This Monday is the first time in years that Europe doesn’t dominate the headlines. We knew for over a month that Japan was holding the election and that the LDP, which failed the country so badly in its decades in power, would almost certainly win a landslide. And a landslide it was. But the surprise is the extent to which the yen has responded. Some analysts had expected 84, but not slicing through 84 like butter. The implication is that the market has confidence in the upcoming Abe policies. This is a little hard to swallow, since the same policies have not worked so far.
Make no mistake—Abe’s policy goal is to restore Japan to mightiness, industrial and otherwise, and a key component of that ambition is a weaker yen. Attention in the “currency wars” will turn from the US, where the dollar is an afterthought in policy-making, to Japan, where it will be, again, central. We should probably start thinking about intervention again.
Japanese stimulus efforts in the past—rates near zero, QE, paving-over-rivers spending, cash vouchers for everyone, bank bailouts—all failed. Japan ended up, 30 years after the bubble burst, with debt to the eyeballs and the same demographic timebomb. We stopped following Japan very closely except for the key factors because broad outlines sufficed. Bernanke had said Japan’s experience was not the failure of Keynesian policies, it was the failure of insufficient Keynesian policies. Japan now gets another chance to place one giant bet on the same policies. We have written many times that the US is not Japan—for one thing, the US has the space, literally, to be more materialistic and acquisitive, plus net population growth both domestic and from immigration. But in the end, the new Japanese experiment will be judged as applicable to every country in the same situation. Be afraid. Be very afraid.
But risk appetite may get a boost from the US, assuming Congress and the White House can get their act together. If it’s true that Boehner put the debt ceiling on the table, the President should lay down his four aces and let us all go home for Christmas.
Japan and the fiscal cliff will dominate sentiment this week but the calendar is not empty. Today we get the Treasury report on capital flows (YICS). Tomorrow it’s the NAHG housing index and the Q3 current account balance. Wednesday we get Nov housing starts and MBA mortgage applications, with foreign news featuring IFO.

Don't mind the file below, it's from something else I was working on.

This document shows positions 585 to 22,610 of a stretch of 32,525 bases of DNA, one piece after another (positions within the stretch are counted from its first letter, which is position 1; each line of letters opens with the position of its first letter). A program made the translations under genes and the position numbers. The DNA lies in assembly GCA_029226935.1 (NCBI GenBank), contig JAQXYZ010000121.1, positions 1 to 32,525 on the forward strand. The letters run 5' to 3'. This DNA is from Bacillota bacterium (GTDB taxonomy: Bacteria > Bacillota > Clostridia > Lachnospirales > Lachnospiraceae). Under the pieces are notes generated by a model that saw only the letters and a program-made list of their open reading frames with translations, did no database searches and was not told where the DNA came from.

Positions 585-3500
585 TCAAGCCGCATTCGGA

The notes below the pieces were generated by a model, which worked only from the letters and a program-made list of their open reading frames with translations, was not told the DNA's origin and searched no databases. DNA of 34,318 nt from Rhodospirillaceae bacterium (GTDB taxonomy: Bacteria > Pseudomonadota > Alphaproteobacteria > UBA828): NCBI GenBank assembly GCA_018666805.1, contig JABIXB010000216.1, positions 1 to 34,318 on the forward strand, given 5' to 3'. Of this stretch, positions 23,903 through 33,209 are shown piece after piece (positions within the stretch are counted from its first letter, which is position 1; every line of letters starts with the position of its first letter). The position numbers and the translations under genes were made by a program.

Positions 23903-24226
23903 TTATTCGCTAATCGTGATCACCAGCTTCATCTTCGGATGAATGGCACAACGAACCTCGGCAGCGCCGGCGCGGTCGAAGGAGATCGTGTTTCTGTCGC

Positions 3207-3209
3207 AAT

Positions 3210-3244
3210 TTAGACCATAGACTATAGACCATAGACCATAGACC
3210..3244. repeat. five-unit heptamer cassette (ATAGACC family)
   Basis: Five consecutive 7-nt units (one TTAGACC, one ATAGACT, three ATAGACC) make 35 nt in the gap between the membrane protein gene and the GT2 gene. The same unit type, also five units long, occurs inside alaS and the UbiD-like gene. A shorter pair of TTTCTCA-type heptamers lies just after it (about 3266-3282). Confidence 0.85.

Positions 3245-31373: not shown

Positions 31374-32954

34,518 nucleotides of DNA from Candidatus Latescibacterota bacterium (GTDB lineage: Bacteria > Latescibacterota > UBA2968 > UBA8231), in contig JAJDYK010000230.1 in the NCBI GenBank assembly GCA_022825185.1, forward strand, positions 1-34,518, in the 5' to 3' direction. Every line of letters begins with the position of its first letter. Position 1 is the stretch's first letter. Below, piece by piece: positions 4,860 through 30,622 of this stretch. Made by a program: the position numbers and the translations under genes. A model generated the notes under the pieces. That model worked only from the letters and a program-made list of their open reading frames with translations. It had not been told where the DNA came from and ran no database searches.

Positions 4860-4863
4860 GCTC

Thursday it’s the usual jobless claims, the Philly Fed, existing home sales, the FHFA Oct housing price index, and two biggies, the final Q3 GDP and final Q3 corporate profits. Also Thursday is eurozone consumer confidence, hmm. Thursday will be chock-full of market-moving material but Friday is even bigger, with the final University of Michigan consumer sentiment survey for Dec, the Chicago Fed, personal income and spending, and as Wall Street guru Sandi reminds us, quadruple options expiration and S&P & NASDAQ rebalancing.
After all that, Sunday is the Japanese Emperor’s birthday and next Monday, US markets close early for Christmas on Tuesday. We can’t set our holiday calendar for next week just yet since we feel obligated to follow the fiscal cliff and also Japan, which will slow down but not stop for the Western holiday.
The likely action in the FX market today is wobbling and jittering as everyone tries to figure out whether to double down on short dollar positions (if fiscal cliff gets fixed) and the confusion that ensues from being long the dollar against the yen while short the dollar against other currencies. As usual when the market is dazed and confused, the crosses will get the attention.
Eurozone Sanity Check: European Commission Pres Barroso proposed at end-November a process that could last as long as 5 years to create a true Treasury in the eurozone with taxing and borrowing authority. It is proposals like this that keep the magic in the euro, despite the eurozone economy diverging from the US and sliding into recession.
The EMU sanity check:
- The eurozone is officially in recession, with Q3 GDP down 0.1% after -0.2% in Q2. The IMF predicts a 80% probability of eurozone recession in 2013. The European Commission say 2012 growth will be 0.4% and cut its eurozone growth forecast to 0.1% in 2013 from 1% in May. German growth was cut in half to 0.8% from 1.7%. France will contract by 1.4%. The OECD forecasts 2014 as a second full year of recession. On Dec 6, ECB chief Draghi said growth will be 0.3% in 2013 at best and -0.9% at worst.
- S&P cut Spain's rating two notches to triple-B-minus, one step over junk; Moody’s cut France’s rating by one notch to Aa1, leaving Finland as the only eurozone country with a Triple A rating. The Economist Magazine names France the ‘time-bomb at the heart of Europe” on labor market rigidity and loss of competitiveness.
- The EU banking supervisor will be established by year-end as planned, with the target banks now defined, but the EC communiqué of Dec 14 removes mention of a eurozone reform budget and economic reform contracts, putting them off to the June summit.
- Greece will get Bailout Two of €34.3 billion during the week of Dec 17. PM Samaras says this gives the opportunity to end the crisis and “Grexit is dead.” Stay tuned.
|SPOT||CURRENT POSITION||SIGNAL STRENGHT||OPEN DATE||OPEN RATE||POSITION GAIN/LOSS|
|USD/JPY||83.68||LONG USD||WEAK||10 /17/12||78.71||5.94%|
|EURO/JPY||110.07||LONG EURO||STRONG||11 /21/12||105.38||4.45%|